Lately, I’ve been laid up, after having an unexpected, traumatic tooth extraction, and then coming down with Covid. I am fully vaccinated, boosted, practice good dental hygiene, rarely go out and wear a quality mask whenever I do – so this state of affairs has felt extremely unjust. (I am in the process of writing the whole story in far more detail, so please stay tuned for that post.)
Anyhow, I have been in pain, exhausted, and unable to do much, so I have been watching more TV this last week than normal. It is rare for me to watch a movie by myself when I am not working out. Yet, in the last week, I’ve watched several. And although I WAS fairly out of it, I couldn’t help but analyze them nonetheless. Below is what I watched, and my thoughts on each one.
Romeo and Juliet: I’ve taught the play many times in my 9th grade English classes, and that would culminate in watching a film version, either the one from the 90s with Leonardo DiCaprio and Claire Danes, or the one from the 60s, by Zeffirilli. I love both of those versions, so when Julian Fellowes of Downton Abbey fame released a version in 2013, I didn’t pay much attention, especially since the reviews weren’t that great. It was okay. There was nothing new brought to the story, and Hailee Steinfeld was not a good choice for Juliet, in my opinion. But it was pretty and the cinematography was nice. I watched this right after my tooth had been pulled, and it was distracting enough.
To Walk Invisible: This film was made in 2016, and it tells the story of all three Bronte sisters and their path to publication. The acting in this was good, and I enjoyed the history, but ultimately, I was disappointed. I thought the film spent way too much time on the womens’ brother, Branwell. He was a disaster, addicted to alcohol and opium, in love with a married woman who rejected him, and unable to pull himself together. I get that his dysfunction helped shape Anne, Emily, and Charlotte, but I wanted less of his story and more of them. I wanted to know how they got their ideas for their stories, and more about the dynamics of their sisterly relationship.
The Lie: In The Lie, Joey King pushes her best friend over a cliff in a moment of rage. Then, her divorced parents, Peter Sarsgaard and Mireille Eno, try to cover up the crime, which includes deceiving the police and trying to outwit the dad of the best friend. It was hard to know who to root for in this film, but it grew on me. It’s a remake of a German psychological horror film, and I definitely got that artsy vibe. I watched this when I was pretty sleepy and not all together with it, so I missed some stuff. Then at the end, there was this major plot twist, and I had to go and rewind to make sense of everything, But that’s more about me than the film.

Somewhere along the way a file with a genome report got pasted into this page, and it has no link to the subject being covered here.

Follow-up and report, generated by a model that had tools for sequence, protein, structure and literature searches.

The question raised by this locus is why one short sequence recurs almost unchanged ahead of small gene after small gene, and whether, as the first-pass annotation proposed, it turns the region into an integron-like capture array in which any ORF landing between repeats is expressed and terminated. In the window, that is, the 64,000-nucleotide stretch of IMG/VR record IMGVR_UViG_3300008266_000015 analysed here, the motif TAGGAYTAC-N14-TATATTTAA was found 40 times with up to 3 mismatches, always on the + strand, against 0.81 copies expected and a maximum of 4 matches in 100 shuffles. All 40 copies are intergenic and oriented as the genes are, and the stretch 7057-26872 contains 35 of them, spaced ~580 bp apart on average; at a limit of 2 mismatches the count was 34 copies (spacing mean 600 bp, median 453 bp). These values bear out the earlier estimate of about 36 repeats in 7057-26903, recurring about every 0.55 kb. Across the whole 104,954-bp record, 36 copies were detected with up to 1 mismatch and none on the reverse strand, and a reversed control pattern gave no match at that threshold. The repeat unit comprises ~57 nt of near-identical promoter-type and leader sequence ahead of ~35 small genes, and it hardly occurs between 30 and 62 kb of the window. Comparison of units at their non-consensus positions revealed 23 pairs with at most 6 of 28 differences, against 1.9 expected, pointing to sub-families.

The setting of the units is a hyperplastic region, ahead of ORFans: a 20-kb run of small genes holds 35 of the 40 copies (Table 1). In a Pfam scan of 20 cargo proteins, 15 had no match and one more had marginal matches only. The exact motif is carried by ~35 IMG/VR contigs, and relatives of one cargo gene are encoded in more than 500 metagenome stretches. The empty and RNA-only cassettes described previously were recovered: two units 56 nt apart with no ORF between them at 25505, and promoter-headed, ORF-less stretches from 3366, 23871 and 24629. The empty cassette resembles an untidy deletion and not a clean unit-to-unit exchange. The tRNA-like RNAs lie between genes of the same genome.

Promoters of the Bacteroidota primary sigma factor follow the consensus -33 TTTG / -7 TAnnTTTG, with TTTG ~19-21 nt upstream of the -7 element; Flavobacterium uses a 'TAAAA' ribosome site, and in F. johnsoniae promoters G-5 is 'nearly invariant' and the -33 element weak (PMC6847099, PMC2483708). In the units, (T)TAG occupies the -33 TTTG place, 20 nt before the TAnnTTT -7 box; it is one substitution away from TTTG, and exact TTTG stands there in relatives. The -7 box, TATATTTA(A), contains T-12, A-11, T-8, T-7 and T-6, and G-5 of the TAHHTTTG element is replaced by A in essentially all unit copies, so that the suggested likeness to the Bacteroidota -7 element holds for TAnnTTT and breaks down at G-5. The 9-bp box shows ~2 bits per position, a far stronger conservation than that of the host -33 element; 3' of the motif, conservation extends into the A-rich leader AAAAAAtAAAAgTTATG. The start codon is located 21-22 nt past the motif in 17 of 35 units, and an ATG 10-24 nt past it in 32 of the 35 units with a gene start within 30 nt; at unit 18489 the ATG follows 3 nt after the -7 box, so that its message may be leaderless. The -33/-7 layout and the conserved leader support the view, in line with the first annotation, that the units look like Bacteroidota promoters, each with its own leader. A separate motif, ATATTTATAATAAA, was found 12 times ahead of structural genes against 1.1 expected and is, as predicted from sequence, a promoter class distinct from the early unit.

The God Committee: This film stars Kelsey Grammar and Julia Stiles. They both play doctors who serve on a committee who must decide who is next in line to receive a heart transplant. The story flashes forward to when Grammar’s character is developing his own transplant technology, while he is in desperate need of a transplant himself. Then it flashes back, to when the committee must make a decision in 45 minutes about who will get a heart: the abusive, drug-addicted son of a hospital donor, a woman who doesn’t want the transplant, or a man with a family who does want it, but probably won’t live long even if he were to get it? Everything has repercussions and it’s an interesting story, but I couldn’t past one thing. Kelsey Grammar and Julia Stiles were supposed to be romantically involved. I looked it up. He’s 26 years older than her. Eww. I could see a fifteen year difference, or even twenty – but I just couldn’t buy their relationship. They should have cast a younger actor than Kelsey Grammar.
The Boy Downstairs: This film written and directed by Sophie Brooks was delightful. Definitely the best thing I watched during my Covid/tooth extraction haze. It takes place in New York, and Zosia Mamet plays a young woman who returns to the city after being gone several years, and inadvertently moves into an apartment where her ex-boyfriend, played by Matthew Shear, lives downstairs. Their dynamic is so real and genuinely funny, yet touching at the same time. The movie is understated and leaves a lot for the viewer to infer, but it gives just the right amount to feel satisfied. I highly recommend it!
The Edge of Seventeen: Another film starring Hailee Steinfeld, but this was a much better role for her. She plays a teenage girl who feels like she doesn’t fit in. Her only allies are her best friend and her history teacher. Then, when her best friend falls in love with Steinfeld’s character’s perfect brother, she has a crisis. If the premise sounds a little silly, that’s because it is, but the movie was entertaining nonetheless. Kyra Sedgwick and Woody Harrelson were great, and I liked the script. However, I had to laugh at how teenagers were depicted. Like, I’m supposed to believe that Hailee Steinfeld and Hayden Szeto, who plays her love interest, are misfits? They’re both gorgeous, and would be worshiped in any high school they set foot into. Still, the movie was worth watching.
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